It even helps you label your goals according to domains such as spiritual, intellectual, and financial, among many other tick boxes.
For functionality, this planner would win hands down in my opinion as it ticks almost all of the boxes from what I want from a planner.
However, despite its well-intentioned layout, it fails incredibly in the value department. I find it too expensive for a three-month motivational saga, let alone a whole year of journaling.
This and the fact that you would actually be better off with a lined journal that you can personally label makes it hard for me to want to keep buying this planner every 90 days.
As can be expected from an author who turned out to also be an artist, My Shining Year is a reimagined business review journal that helps you evaluate your entrepreneurial performance minus the overwhelming need for figures and conventional details.
It uses creative illustrations to explain what particular pages are meant for, as well as it includes comprehensible instructions for filling out the blank spaces and answering prompts.
A year from now, you’ll look back at what you’ve written in it like an annual business review, only there’s no boring stuff to dampen your mood.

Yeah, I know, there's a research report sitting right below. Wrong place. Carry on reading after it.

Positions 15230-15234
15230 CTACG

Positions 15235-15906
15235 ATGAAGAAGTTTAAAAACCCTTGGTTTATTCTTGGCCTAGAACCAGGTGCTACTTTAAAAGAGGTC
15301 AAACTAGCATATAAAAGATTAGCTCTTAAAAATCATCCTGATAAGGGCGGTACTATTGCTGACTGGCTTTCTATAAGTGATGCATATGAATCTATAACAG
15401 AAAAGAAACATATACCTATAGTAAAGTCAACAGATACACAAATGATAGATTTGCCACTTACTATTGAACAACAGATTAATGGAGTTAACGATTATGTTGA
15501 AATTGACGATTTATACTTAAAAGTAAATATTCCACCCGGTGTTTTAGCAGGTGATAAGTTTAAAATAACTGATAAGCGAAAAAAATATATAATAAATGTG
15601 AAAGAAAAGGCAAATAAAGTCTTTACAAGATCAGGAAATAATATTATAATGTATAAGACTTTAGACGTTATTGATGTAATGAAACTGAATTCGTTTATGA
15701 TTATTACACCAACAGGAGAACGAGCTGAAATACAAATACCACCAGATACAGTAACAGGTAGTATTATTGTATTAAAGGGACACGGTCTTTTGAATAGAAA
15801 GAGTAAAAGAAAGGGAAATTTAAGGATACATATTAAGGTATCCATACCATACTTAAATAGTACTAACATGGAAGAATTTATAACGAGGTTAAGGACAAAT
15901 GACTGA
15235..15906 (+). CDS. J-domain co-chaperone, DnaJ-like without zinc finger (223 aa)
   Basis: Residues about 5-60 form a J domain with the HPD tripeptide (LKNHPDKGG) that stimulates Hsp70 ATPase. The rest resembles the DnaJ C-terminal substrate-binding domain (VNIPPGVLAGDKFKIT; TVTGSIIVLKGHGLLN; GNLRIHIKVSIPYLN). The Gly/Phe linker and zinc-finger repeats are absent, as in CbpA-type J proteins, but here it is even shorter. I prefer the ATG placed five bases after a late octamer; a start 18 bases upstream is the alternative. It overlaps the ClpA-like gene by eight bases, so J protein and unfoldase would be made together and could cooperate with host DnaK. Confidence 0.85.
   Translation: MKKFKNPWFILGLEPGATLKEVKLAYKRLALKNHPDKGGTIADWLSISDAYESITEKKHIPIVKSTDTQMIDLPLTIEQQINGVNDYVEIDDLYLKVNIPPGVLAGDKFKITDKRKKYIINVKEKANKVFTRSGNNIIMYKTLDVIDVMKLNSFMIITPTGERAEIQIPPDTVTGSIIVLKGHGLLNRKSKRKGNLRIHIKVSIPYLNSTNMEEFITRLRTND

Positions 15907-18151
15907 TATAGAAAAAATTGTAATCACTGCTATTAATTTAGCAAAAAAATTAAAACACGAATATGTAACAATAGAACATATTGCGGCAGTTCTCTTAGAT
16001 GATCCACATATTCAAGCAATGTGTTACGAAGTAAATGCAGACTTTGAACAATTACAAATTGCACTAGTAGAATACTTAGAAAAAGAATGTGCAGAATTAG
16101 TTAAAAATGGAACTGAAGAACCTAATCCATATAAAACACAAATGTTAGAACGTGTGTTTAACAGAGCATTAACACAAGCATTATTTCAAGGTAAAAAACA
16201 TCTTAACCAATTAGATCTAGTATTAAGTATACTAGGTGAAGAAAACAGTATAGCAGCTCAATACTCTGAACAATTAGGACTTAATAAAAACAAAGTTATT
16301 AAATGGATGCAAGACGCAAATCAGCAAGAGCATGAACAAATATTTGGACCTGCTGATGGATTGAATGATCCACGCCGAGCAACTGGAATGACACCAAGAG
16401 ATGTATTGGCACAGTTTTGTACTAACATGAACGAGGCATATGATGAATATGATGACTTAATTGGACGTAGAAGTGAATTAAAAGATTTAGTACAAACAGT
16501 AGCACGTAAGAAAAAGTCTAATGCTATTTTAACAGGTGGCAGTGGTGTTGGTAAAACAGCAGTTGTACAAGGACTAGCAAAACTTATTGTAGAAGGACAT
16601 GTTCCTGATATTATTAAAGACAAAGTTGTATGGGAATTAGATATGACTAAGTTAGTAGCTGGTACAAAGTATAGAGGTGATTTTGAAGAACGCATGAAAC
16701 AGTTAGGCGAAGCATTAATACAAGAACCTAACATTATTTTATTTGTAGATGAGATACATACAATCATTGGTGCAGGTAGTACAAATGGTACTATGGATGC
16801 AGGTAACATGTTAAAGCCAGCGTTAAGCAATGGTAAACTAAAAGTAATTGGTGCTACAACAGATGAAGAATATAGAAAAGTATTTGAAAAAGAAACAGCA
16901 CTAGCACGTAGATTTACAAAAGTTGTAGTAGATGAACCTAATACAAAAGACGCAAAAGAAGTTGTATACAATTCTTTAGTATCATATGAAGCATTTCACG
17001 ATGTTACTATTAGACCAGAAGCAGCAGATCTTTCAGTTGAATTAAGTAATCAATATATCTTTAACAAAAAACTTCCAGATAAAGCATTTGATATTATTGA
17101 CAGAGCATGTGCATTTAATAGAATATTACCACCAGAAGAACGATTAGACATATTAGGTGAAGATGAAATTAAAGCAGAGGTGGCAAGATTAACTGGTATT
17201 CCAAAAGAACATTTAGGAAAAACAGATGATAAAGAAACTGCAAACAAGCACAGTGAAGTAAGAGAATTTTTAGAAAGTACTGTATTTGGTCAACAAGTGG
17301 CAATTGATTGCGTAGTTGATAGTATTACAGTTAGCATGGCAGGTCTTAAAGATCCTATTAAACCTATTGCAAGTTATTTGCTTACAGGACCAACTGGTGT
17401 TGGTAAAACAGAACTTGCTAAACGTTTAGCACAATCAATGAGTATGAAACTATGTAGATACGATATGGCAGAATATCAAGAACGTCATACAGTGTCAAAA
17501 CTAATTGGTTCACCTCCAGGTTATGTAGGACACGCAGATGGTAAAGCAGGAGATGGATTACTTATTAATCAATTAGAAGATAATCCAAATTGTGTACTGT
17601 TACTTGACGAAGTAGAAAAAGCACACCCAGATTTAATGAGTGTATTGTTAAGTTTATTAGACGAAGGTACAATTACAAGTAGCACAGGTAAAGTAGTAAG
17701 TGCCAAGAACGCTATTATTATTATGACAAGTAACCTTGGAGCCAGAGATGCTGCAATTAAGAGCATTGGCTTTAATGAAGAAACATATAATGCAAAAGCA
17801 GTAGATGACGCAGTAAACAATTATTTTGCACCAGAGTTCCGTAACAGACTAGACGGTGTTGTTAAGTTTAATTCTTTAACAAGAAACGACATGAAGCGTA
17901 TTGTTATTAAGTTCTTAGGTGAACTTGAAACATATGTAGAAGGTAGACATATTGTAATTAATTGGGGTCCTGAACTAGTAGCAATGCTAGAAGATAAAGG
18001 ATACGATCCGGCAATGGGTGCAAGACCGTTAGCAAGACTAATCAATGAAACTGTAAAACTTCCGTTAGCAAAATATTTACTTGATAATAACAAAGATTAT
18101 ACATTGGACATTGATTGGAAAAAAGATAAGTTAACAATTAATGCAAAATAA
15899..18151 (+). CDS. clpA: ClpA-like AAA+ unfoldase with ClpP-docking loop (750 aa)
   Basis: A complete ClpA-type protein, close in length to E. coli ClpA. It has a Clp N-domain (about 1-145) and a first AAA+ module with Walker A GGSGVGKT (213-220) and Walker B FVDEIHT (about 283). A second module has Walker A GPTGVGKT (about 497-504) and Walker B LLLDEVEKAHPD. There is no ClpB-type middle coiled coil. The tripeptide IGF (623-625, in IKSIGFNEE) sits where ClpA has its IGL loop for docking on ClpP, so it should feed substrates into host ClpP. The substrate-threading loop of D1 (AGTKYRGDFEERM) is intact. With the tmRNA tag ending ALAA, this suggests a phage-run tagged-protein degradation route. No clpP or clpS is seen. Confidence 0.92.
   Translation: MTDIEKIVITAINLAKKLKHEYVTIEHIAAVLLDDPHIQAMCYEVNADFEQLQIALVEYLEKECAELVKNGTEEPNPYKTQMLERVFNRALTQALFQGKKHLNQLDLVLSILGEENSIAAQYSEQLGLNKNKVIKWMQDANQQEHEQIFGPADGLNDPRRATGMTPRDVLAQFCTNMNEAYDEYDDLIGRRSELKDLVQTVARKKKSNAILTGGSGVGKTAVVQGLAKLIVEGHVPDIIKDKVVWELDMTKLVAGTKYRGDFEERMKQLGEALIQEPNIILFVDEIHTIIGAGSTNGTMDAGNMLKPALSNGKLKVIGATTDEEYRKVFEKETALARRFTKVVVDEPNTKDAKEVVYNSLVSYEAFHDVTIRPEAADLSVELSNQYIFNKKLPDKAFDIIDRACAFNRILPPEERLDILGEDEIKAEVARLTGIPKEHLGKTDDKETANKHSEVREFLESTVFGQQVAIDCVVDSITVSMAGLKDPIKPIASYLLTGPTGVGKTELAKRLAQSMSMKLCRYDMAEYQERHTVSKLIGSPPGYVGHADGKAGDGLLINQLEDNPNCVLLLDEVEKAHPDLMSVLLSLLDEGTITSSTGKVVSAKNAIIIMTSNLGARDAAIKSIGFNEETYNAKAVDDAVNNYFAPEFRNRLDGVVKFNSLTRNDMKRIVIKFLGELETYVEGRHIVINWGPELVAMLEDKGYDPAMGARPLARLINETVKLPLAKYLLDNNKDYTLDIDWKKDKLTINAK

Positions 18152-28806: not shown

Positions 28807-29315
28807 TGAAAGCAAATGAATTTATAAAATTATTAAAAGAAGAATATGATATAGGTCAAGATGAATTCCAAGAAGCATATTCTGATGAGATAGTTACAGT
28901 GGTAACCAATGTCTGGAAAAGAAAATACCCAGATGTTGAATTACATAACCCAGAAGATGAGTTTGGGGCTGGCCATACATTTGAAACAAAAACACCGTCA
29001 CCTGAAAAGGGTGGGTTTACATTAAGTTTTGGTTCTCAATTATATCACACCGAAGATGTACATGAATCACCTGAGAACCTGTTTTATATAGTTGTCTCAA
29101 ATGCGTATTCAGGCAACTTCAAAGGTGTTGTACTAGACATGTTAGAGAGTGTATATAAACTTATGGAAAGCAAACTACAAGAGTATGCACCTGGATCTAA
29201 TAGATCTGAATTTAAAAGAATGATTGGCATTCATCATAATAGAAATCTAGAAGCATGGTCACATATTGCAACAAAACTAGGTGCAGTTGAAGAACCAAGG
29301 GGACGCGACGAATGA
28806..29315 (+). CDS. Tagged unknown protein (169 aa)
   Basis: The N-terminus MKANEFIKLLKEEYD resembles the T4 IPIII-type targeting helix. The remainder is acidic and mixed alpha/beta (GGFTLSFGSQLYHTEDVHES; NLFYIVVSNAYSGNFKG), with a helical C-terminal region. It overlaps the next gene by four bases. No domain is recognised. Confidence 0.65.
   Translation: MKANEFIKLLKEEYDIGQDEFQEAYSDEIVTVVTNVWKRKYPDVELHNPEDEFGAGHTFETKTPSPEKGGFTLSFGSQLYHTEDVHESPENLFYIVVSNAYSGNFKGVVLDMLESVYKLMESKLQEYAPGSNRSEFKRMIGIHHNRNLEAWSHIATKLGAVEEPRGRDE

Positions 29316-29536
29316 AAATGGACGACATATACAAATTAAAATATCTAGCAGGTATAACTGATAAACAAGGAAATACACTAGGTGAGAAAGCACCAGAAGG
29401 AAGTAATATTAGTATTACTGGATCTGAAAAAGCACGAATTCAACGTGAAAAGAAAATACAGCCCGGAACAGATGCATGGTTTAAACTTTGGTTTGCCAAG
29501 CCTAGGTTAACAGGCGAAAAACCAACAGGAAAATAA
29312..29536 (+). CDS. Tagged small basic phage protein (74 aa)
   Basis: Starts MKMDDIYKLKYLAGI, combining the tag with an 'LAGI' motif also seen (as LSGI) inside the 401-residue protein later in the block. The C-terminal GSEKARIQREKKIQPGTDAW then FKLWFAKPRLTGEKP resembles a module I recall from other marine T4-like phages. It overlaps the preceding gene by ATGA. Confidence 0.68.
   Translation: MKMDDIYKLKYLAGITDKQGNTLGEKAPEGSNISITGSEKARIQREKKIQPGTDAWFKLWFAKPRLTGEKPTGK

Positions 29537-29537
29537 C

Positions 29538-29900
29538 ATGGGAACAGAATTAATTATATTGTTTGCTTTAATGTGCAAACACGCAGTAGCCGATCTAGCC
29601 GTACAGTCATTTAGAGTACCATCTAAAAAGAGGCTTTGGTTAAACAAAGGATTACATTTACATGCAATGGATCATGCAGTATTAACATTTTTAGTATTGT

You’ll be asked to write a goal checklist here and there, and also summarize your business progress every month until you’ve completed the year.
It also helps you visualize your goals through illustrated graphics.
This is definitely a must-have for women who want to do away with the chilly vibes of conventional planners.
I used both the business and the life Shining Year Workbooks at the start of the year, and really enjoyed the process.
It is a workbook that you only use once as a planning process and doesn’t have a date based planner in there.
However, it’s such fun that I highly recommend that you grab one of these to use once a year in addition to your regular goal planner.
It gives off an impression of a cheaper Moleskine diary, except that the leatherette (vegan faux leather) cover does a good job in making it look presentable and sturdy.